The curved design is more suited to the slashing motions in Japanese swordsmanship.


The sword itself was carried on the Samurai’s waist enabling the sword to be drawn quickly.

The katana was generally suited to close quarter combat, as opposed to on horseback.  It was a shorter, lighter sword that could be wielded in quick, rapidly changing motions.

There was also a spiritual element to the Katana.  The sword was often referred to as the “soul of the Samurai”.

It was originally believed that the katana was an item that should be dedicated to the gods and where the gods would reside.  This is why there is always a small shrine placed in the workshop of a Katana swordsmith.  Some shrines also have a katana placed in the inner sanctuary.

Whilst the katana was used in battle on occasion, they tended to rely on longer range weapons such as the long bow and spear.  This is why so many katanas today are in such good condition.

The katana’s themselves were more like a status symbol to show everyone that the wearer was a member of the samurai class.

The Ninjato

Due to the lack of historic evidence, we don’t know for certain how the Ninjato were used.  However, given the katana was curved to allow for effective slashing motions, the straight blade would have been more suited for stabbing and thrusting movements.

Given they acted in the shadows, it’s likely that Shinobi initiated attacks from a hidden position. In this context, stabbing with a Ninjato would be an effective way to dispatch the enemy.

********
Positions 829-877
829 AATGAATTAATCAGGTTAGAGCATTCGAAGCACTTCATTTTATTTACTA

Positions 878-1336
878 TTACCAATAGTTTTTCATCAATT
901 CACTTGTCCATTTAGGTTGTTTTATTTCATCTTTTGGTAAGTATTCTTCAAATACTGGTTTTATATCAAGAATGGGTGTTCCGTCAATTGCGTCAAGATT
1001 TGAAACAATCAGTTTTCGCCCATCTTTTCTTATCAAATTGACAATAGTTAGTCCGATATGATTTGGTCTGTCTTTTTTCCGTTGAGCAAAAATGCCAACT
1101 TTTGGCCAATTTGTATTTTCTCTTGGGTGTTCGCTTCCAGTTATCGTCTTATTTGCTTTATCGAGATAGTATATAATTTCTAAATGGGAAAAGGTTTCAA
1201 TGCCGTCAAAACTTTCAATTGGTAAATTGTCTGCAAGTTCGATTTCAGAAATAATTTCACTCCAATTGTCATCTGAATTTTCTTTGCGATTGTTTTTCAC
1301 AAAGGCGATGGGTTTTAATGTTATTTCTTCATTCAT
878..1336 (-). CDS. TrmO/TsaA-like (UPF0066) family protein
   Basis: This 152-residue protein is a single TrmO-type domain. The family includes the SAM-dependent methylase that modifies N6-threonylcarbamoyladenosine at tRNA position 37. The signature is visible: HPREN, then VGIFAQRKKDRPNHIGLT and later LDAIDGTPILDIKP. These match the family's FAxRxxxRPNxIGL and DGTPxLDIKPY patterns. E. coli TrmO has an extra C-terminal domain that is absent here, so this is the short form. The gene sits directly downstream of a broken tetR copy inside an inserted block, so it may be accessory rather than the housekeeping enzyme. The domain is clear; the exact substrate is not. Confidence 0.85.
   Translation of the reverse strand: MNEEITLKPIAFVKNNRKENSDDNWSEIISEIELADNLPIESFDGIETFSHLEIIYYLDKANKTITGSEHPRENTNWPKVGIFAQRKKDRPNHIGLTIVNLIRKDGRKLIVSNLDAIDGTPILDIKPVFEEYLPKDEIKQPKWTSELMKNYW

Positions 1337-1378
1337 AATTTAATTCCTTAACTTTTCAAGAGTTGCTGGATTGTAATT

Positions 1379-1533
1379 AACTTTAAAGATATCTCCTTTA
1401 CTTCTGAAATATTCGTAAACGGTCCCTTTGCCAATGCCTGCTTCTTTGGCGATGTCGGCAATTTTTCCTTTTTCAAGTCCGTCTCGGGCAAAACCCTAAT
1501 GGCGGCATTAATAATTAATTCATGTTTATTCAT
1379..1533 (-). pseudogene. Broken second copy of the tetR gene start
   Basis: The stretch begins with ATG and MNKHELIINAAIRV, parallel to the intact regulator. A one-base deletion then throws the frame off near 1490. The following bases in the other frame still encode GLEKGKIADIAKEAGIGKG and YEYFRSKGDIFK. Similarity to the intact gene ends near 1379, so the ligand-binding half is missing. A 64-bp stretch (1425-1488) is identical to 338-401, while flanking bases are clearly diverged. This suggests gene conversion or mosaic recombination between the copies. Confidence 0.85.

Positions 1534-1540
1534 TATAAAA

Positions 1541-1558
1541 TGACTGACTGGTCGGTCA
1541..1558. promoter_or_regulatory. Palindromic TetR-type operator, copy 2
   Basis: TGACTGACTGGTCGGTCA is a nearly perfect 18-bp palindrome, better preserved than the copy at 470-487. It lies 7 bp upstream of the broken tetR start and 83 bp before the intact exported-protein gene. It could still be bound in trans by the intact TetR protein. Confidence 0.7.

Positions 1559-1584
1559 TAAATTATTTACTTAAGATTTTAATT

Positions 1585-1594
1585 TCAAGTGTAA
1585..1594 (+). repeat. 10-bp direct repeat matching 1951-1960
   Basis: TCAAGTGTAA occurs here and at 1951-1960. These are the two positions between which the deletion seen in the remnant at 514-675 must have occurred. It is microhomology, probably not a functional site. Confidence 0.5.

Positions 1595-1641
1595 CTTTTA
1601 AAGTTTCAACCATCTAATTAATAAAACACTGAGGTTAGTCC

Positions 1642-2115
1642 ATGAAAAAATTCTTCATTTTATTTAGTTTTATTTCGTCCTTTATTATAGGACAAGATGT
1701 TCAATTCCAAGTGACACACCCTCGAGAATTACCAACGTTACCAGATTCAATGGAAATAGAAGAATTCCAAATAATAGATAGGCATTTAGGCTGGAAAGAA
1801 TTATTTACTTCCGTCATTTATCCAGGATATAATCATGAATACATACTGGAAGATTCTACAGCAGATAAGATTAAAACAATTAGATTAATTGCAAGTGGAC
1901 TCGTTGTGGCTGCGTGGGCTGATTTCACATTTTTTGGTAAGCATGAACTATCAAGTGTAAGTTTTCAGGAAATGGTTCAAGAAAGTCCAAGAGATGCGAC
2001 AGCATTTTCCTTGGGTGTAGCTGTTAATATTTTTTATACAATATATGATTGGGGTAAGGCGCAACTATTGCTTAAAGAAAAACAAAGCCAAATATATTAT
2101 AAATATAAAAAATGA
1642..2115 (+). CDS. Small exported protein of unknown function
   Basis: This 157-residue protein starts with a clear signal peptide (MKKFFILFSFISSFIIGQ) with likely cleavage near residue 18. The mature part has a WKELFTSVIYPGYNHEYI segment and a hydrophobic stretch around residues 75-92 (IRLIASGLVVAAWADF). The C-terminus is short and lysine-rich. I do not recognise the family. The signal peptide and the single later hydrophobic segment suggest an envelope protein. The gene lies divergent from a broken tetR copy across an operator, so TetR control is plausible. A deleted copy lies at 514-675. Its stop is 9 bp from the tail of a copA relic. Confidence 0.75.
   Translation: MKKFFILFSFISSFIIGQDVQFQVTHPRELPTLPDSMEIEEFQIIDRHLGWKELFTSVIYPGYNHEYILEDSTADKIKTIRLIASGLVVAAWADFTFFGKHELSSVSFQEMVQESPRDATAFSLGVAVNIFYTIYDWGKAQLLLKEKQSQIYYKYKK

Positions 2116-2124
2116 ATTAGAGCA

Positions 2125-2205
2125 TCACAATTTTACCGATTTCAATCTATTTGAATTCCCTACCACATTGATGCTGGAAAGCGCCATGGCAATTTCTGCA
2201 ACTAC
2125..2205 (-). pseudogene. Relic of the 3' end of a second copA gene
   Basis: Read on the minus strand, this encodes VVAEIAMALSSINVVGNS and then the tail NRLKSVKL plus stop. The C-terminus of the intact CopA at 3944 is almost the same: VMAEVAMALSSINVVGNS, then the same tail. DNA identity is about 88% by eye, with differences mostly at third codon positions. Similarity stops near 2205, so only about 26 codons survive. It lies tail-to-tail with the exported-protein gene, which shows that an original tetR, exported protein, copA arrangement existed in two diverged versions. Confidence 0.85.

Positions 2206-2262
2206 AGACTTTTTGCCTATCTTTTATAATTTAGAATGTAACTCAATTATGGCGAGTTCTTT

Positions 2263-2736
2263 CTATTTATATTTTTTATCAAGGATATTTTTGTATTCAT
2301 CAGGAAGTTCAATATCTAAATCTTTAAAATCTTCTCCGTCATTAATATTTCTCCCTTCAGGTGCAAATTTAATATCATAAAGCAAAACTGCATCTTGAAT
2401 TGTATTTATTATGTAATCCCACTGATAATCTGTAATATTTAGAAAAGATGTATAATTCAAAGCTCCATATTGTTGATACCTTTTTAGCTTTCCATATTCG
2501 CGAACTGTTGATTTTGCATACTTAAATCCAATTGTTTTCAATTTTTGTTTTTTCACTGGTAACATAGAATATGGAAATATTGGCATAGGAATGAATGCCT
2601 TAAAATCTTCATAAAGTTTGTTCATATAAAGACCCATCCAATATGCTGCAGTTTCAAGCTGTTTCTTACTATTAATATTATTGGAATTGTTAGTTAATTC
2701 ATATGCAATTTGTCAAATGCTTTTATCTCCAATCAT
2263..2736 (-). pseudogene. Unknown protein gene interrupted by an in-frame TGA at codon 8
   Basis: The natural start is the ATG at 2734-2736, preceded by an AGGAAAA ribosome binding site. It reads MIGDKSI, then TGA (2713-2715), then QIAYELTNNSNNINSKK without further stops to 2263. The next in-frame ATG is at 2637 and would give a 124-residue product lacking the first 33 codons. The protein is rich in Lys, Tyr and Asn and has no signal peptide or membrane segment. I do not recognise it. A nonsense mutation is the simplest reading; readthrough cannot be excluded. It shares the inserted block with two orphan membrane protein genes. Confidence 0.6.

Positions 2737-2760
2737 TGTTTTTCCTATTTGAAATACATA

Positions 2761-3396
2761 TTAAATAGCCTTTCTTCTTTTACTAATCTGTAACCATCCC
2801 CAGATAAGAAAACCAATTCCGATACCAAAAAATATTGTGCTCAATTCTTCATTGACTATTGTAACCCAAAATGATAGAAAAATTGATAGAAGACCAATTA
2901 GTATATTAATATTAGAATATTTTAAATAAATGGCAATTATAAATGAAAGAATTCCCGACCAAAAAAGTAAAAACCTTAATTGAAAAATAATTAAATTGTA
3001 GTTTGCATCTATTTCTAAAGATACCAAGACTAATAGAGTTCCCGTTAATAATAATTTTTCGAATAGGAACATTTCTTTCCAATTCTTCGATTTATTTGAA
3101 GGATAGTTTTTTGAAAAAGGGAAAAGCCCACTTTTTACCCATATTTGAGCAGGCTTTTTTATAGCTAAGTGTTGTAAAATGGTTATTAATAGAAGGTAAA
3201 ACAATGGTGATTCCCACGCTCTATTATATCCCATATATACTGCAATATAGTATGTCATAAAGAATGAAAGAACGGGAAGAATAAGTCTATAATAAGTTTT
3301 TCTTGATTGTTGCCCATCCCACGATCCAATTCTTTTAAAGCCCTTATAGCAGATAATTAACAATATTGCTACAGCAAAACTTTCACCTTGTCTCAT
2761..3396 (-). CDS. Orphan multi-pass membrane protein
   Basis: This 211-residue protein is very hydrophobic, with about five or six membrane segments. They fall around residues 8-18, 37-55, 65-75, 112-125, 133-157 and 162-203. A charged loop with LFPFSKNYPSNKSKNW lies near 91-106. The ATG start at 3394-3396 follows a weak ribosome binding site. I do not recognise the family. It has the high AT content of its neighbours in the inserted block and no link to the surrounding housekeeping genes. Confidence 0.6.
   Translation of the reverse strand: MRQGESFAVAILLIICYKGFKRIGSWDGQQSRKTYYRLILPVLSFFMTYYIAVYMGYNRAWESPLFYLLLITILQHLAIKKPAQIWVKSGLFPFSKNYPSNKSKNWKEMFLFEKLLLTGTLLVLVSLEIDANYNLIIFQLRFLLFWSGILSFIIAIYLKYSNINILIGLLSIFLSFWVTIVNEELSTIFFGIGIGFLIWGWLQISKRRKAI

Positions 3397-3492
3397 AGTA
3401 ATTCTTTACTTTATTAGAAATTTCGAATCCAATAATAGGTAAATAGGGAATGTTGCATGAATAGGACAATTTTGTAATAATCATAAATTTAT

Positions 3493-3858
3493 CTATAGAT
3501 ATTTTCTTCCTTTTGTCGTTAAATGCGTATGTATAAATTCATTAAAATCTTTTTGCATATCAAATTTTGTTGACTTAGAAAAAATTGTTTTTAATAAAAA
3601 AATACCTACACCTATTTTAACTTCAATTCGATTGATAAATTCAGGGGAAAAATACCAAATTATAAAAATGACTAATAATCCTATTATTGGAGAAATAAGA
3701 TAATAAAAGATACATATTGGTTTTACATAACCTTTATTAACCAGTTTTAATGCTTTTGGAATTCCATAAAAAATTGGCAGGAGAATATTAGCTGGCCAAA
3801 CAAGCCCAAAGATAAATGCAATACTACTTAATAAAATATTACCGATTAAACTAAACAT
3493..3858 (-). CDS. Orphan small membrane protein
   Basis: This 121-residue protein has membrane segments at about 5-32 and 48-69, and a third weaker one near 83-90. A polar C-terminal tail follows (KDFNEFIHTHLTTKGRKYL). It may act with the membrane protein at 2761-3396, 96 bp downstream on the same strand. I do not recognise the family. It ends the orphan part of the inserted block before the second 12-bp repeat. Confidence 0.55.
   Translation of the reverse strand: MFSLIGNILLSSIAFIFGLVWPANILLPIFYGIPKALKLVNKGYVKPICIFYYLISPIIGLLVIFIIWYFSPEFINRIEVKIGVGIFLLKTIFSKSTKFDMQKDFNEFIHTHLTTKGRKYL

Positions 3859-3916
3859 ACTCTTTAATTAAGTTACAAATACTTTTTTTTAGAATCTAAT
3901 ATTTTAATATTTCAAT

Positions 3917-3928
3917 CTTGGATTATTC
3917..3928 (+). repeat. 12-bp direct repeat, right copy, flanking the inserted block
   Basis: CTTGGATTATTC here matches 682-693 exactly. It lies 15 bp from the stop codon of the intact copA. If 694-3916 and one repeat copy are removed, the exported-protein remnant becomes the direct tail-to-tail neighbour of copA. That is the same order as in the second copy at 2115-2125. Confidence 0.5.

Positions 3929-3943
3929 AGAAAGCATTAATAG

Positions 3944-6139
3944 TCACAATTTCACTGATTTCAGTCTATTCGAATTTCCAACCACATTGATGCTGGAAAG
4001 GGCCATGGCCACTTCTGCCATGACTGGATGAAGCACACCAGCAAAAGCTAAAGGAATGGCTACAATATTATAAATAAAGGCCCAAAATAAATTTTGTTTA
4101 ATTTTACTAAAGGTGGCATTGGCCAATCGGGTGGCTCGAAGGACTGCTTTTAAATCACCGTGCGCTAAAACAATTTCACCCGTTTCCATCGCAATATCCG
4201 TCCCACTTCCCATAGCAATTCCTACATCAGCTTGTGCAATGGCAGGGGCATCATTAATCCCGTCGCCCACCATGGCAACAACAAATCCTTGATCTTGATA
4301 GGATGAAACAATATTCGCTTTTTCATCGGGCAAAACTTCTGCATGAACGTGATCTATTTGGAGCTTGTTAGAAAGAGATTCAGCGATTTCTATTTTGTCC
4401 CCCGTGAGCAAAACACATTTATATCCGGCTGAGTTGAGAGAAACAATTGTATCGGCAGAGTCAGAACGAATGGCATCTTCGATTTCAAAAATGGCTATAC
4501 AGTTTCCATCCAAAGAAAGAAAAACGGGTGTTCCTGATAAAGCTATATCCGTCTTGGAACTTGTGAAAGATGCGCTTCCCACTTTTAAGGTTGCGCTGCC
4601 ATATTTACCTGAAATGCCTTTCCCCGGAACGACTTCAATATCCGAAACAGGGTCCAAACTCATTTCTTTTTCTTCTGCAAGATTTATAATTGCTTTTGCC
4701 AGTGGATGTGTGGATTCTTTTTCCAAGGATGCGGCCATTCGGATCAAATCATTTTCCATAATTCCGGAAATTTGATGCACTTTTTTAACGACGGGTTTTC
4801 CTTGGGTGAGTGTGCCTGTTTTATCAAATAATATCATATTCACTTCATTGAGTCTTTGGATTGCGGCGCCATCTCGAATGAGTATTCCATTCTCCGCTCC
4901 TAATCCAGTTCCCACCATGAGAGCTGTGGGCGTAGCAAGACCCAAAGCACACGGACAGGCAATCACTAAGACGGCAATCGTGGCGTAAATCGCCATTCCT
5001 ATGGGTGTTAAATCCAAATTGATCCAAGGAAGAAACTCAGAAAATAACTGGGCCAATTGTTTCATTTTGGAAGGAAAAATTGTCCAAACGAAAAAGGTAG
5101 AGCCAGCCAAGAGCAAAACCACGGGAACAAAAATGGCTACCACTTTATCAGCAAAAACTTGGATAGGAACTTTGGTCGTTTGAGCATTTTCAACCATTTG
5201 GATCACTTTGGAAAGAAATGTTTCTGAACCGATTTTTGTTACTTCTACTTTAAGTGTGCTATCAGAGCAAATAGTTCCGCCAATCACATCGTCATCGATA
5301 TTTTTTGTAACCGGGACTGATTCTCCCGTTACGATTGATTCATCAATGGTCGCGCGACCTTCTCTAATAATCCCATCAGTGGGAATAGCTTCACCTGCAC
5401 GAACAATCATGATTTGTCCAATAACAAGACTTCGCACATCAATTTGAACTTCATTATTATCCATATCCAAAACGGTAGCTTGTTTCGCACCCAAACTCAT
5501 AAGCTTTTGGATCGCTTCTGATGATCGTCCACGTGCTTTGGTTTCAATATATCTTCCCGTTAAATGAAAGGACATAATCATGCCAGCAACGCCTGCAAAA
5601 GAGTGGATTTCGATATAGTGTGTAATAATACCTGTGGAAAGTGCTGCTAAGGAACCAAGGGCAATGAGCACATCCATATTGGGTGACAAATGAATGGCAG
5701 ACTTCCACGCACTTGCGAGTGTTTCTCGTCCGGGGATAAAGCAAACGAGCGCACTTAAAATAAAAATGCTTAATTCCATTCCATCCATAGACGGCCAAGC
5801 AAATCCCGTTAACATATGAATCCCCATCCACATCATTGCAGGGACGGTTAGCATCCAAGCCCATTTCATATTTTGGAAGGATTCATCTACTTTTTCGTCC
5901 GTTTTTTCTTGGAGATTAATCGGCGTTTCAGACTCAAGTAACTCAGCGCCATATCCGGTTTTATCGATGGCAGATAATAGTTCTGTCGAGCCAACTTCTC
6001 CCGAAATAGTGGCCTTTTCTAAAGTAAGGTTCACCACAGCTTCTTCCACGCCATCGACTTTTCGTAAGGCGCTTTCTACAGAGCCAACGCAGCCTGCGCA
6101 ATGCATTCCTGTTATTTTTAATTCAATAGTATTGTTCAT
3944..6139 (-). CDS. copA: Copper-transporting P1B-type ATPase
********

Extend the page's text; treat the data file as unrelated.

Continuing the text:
The Ninjato was worn on the Shinobi’s back and its short length meant that the end would not catch on objects, such as trees and walls, when running.

It’s unlikely they would have wanted to have a stand up sword fight in the open in the same way the Samurai would do.

It was more a weapon of convenience that was used to enable the Shinobi to complete their mission.  It certainly did not have any spiritual significance in the same way the Samurai’s katana had.

The Ninjato was put to many purposes.  

Firstly, it was used as a sort of step ladder to help climb over high walls.  The sword within its scabbard was lent against the wall, handle upwards, and the Shinobi would step onto the guard (Tsuba) to given them a boost over the wall.  That is why the Tsuba is larger on the Ninjato than on a Katana.  Once on top of the wall, they would pull the sword up using the cord attached to the scabbard (sageo)..

The scabbard could also be used as a snorkel on those occasions when the Shinobi needed to hide under water.  The sword would be removed enabling the Shinobi to breath through the hollow sheath.